More Water and Shade Might Help “Worst” Farmworker Shortage Ever

Wednesday, August 22, 2012

Growers in California are complaining that there are too few farm laborers available to pick  crops in the country’s largest agricultural state. They point to stronger border controls, a crummy domestic economy and a lackluster guest worker program as reasons for a situation characterized by farmer Craig Underwood as “the worst it’s been, ever.”

Seldom mentioned by growers, for obvious reasons, is the low pay, 110-degree heat (that is only made worse by global warming) and insufficient resources provided to workers in the field. Base pay probably isn’t going up any time soon and the heat is not going down, but there could be some movement in the area of working conditions and overtime pay.

Legislation proposed by Democratic Assemblywoman Betsy Butler, the Farm Worker Safety Act (AB 2346), would require that water be available within 10 feet of workers and shade within 200 feet. The bill provides hefty penalties for those who break the rules and allows farmworkers to sue over failed conditions.

A second bill, AB 2676, sponsored by Assemblyman Charles Calderon, would make it a misdemeanor, punishable by jail and/or fine, to deny farmworkers proper water and shade.   

More than 400,000 workers, performing back-breaking work on 35,000 farms in California, are the cornerstone of the state’s $37-billion agricultural industry. Since 2005, 16 farmworkers have died from heat-related illness. Two more deaths this summer are still being investigated.

Although federal regulations do not address standards for heat stress, 21 states, including California, have established their own safety programs. California’s regulations include some provisions for water and shade when temperatures reach 85 degrees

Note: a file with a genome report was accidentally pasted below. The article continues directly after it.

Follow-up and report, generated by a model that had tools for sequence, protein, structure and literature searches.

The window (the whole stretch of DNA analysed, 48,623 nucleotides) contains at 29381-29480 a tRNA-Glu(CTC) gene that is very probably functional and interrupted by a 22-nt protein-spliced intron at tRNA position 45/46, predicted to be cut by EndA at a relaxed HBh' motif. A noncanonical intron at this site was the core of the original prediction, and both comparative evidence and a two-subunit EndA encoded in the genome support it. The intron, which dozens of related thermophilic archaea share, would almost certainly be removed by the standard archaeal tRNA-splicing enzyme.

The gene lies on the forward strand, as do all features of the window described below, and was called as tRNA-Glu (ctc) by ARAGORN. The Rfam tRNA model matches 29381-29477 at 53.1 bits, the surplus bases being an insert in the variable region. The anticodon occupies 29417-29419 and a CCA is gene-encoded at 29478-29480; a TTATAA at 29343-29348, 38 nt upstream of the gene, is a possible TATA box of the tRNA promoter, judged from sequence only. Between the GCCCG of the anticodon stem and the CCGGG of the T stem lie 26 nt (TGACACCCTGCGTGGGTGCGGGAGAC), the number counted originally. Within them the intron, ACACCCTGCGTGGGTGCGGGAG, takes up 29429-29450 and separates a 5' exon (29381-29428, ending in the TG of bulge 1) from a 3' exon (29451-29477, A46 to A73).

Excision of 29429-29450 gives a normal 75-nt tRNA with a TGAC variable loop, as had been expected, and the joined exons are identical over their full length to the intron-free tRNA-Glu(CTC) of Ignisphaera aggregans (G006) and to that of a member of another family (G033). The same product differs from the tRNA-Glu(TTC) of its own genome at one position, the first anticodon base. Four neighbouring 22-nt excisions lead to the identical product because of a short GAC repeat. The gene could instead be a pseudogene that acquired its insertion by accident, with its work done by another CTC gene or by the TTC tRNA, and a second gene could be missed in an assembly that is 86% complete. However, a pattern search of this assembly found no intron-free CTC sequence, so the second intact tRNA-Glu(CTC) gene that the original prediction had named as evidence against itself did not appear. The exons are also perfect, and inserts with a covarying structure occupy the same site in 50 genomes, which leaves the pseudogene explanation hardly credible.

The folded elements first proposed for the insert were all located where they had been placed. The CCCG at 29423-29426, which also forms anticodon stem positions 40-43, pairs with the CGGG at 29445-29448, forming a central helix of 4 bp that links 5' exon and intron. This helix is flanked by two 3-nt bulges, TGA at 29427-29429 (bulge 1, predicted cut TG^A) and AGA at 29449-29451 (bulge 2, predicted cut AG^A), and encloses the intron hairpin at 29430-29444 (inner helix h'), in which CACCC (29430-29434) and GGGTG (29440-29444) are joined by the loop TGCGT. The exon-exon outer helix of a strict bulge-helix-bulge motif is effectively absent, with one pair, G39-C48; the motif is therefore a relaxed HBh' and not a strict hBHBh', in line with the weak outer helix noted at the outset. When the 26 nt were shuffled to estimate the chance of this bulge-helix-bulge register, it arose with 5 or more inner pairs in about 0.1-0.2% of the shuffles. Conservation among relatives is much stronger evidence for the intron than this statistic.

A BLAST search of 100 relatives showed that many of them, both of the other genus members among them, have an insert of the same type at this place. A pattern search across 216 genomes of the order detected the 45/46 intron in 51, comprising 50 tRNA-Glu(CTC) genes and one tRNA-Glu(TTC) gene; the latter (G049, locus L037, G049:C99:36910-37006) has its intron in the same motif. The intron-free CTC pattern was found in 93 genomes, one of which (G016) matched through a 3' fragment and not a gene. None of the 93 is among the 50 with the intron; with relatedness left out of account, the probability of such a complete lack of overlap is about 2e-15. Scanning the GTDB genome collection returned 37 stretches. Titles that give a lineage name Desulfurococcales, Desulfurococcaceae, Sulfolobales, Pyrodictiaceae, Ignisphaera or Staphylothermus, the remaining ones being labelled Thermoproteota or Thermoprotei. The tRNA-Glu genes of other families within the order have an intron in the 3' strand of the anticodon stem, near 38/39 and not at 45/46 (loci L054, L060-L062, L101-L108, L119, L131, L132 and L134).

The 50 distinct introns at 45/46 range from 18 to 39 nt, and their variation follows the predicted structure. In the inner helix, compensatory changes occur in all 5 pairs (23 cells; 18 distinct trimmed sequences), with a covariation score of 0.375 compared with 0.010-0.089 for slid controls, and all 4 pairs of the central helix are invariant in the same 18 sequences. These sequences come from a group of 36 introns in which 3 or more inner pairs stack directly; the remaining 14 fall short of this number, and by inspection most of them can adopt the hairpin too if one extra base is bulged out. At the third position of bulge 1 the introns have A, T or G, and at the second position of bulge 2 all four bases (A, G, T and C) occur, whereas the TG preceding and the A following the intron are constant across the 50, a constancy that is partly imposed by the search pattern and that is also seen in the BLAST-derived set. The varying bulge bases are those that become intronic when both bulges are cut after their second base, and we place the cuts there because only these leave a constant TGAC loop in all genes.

The Western Growers Association is reporting a 20% drop in laborers this year, many of them illegal immigrants. There is virtually no hiring of local residents to work in the fields. Although the economy has crippled the construction industry, none of those laid off workers have migrated to farm work that often pays about half what they wer making. Meanwhile, some farmers are leaving crops in the field

In addition to adequate water and shade, lawmakers are also considering giving farmworkers the same overtime pay as most other non-management workers. Right now,  there is a special exemption in the law—dating back to 1941—that prevents farmworkers from collecting overtime unless they work a 10-hour day or 60-hour week, rather than the standard 8-hour day/40-hour week.

Opponents of AB 1313, introduced by Democratic Assemblyman Michael Allen, say the bill would hurt farmworkers if passed because growers would cut their hours or switch to mechanical methods of harvest rather than pay overtime. Then-Governor Arnold Schwarzenegger vetoed similar legislation in 2010.

“These workers like this,” Republican state Senator Tom Berryhill told the Sacramento Bee in defense of the current law. “It gives them flexibility. After 10 hours, everyone gets their overtime.”

–Ken Broder


To Learn More:

California Weighs Tougher Heat Rules for Farmworkers (by Gosia Wozniacka,

Associated Press)

California Farm Labor Shortage “Worst It's Been, Ever” (by Jane Wells, CNBC)

California Considers Farmworker Overtime Bill (by Don Thompson, Associated Press)

Thirst for Justice: Making Farm Work Safer (United Farm Workers)

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